If the pay is good depends on who you are. Charlie and Tony probably earn more than 3 grand. I've heard figures like 10.000 a week for esteemed sessionplayers like Jim Keltner, Steve Gadd etc. Anyway for a guy like Duke who is not in demand as a touring guitar player for A level talent like Dylan, Clapton and similar. That pay might not be way off. Compared to what some of these blues combos get per gig 3000+ expenses paid would be considered a great pay.


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PostPosted: Thu September 25th, 2014, 22:58 GMT 

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Sphere wrote:
You're taking things way out of context. It's great that you're proud of your job and all but that has nothing to do with anything I said. I meant lazy arguments. Don't just take a word I used and apply it to something completely irrelevant in the discussion. What is that?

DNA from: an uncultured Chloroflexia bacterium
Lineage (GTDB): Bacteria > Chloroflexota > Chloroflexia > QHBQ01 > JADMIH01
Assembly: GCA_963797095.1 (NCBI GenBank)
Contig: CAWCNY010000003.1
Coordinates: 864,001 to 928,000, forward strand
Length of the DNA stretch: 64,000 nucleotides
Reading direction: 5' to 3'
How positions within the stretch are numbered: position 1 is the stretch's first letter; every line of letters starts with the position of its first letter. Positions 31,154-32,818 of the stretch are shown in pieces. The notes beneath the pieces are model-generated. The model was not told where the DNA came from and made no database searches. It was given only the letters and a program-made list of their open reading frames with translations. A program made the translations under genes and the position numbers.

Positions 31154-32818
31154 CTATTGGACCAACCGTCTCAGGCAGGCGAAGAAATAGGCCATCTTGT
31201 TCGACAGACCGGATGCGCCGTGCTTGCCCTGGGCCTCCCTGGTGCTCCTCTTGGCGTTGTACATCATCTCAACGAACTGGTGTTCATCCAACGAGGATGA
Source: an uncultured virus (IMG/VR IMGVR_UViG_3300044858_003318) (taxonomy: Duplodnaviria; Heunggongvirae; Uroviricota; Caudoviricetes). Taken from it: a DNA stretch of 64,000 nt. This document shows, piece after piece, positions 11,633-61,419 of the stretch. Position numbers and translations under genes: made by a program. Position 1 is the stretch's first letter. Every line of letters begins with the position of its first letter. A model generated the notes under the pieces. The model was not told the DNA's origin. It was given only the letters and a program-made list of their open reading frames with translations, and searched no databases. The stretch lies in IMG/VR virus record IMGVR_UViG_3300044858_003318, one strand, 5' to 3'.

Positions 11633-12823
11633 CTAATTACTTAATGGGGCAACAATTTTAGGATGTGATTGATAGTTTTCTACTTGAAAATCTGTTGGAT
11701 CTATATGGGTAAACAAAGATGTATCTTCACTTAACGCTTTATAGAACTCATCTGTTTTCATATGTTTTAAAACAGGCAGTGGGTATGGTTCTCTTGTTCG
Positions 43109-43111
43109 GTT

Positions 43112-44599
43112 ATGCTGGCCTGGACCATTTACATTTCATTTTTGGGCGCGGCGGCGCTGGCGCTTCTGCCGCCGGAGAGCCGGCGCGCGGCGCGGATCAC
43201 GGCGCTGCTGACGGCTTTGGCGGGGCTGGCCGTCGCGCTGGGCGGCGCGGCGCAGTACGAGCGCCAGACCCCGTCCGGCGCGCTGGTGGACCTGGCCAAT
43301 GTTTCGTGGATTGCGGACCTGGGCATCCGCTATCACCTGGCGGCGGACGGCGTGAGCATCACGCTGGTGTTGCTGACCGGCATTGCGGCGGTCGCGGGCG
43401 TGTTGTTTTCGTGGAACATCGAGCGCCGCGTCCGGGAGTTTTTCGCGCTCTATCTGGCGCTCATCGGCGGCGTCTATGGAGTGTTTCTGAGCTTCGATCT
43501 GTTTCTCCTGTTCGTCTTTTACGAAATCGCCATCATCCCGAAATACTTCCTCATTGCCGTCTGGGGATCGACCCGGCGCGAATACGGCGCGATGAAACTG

It's called overreacting. :lol: I'm only human. Sorry.
Sphere wrote:
The bottom line is you got sore over what happened with Duke and instead of just defending him you started criticizing Bob. That's fine but to me it didn't ever really seem like you knew what you were talking about or even believed it yourself. You were just pissed and had to show everybody that Bob was the bad guy and can't play good shows anymore. I thought it was annoying so I spoke up. That's it.